The economic boycotts and protests that African Americans practiced in mid-twentieth-century America were not a new strategy aimed at securing equal rights guaranteed by the U.S. constitution. For example, in the period 1900 to 1906 blacks in over twenty-five Southern cities protested against segregated seats on street cars and boycotted them. Black organizations, such as the National Association for the Advancement of Colored People (NAACP), the Congress of Racial Equality (CORE), the Southern Christian Leadership Conference (SCLC), and the Student Nonviolent Coordinating Committee (SNCC) brought economic pressures on segregated businesses in protest of their exclusionary practices. It was CORE that used these practices during the sit-ins and freedom rides, beginning as early as 1942 in Jack Spratt’s coffeehouse. One of the first cities to employ economic pressure where needed was Montgomery, Alabama, where a year-long boycott of segregated buses caused the city, downtown businesses, and the bus company to lose nearly $1 million. Such boycotts and economic withdrawals spread throughout the South. In 1960, Nashville, Tennessee, followed with its economic withdrawals by boycotting downtown merchants at Easter time—a time normally quite profitable to merchants. They used the motto “No Fashions for Easter” and deprived white merchants of incalculable profits. Blacks as well as whites joined in the protest. Similarly, economic withdrawals were applied to lunch counters, movie theaters, and elsewhere, sometimes causing whites to avoid these places in fear of physical disturbances. The results of such actions at times translated into significant losses of revenue.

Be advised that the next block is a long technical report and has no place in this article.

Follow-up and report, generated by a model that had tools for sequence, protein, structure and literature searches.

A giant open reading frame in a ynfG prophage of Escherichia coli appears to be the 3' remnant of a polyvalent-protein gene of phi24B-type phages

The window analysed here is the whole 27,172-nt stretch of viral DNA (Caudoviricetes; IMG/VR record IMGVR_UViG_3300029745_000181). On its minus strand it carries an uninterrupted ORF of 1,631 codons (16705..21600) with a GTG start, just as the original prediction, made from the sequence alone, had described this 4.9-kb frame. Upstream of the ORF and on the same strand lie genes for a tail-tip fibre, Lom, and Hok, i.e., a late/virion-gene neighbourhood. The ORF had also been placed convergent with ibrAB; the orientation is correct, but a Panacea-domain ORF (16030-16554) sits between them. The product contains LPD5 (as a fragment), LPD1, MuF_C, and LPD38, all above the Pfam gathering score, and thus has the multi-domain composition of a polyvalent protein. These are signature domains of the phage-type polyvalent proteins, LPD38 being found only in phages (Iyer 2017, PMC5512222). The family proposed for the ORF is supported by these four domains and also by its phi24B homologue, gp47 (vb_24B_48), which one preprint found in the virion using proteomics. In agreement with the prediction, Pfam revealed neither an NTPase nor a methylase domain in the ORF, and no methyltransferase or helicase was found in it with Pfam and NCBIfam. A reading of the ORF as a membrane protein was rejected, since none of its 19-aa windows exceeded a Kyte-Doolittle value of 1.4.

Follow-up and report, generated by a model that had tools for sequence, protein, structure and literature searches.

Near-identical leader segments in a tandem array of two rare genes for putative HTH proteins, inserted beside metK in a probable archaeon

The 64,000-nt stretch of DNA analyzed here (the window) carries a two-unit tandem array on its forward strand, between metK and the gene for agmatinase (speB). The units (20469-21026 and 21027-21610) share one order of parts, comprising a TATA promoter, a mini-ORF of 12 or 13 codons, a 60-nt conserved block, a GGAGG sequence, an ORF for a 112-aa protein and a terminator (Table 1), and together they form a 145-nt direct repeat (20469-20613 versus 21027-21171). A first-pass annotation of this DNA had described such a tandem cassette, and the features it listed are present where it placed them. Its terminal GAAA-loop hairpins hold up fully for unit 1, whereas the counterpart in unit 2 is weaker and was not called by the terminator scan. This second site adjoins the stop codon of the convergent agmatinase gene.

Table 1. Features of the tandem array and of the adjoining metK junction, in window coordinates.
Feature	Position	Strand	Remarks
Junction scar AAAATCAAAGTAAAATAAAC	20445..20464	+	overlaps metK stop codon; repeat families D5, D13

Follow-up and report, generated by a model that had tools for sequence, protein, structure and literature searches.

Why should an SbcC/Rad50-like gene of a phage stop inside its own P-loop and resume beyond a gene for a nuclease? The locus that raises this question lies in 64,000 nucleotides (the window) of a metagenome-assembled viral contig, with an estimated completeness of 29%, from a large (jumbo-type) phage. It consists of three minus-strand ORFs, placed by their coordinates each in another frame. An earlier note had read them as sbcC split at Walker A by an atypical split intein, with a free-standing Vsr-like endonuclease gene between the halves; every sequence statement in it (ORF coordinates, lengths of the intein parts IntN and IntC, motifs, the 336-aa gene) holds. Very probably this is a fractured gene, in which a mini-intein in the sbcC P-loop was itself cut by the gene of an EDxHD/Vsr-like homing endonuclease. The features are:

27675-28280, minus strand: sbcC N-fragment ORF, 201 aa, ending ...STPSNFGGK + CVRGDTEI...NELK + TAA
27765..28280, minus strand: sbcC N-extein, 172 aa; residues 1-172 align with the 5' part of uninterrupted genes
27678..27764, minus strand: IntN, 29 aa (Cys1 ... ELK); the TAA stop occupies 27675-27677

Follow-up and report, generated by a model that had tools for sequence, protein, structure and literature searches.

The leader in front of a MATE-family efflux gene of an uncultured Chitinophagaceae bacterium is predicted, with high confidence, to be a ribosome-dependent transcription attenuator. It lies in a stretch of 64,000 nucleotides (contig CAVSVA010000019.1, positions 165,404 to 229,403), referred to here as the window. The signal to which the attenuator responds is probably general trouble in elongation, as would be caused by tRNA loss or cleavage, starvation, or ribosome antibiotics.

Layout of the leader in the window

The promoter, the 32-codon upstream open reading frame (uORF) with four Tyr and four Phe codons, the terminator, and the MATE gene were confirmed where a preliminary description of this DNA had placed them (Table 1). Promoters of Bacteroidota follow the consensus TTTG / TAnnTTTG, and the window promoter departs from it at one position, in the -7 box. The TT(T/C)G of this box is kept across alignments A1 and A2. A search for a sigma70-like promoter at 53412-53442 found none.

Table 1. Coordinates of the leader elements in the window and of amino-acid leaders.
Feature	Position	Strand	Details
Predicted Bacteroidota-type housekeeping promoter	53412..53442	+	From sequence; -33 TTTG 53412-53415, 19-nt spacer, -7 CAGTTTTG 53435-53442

Student Nonviolent Coordinating Committee leader John Lewis with minister James Zwerg after they were both beaten during one of the Freedom Rides. Groups like the SNCC and others put economic and other pressures against white businesses and institutions.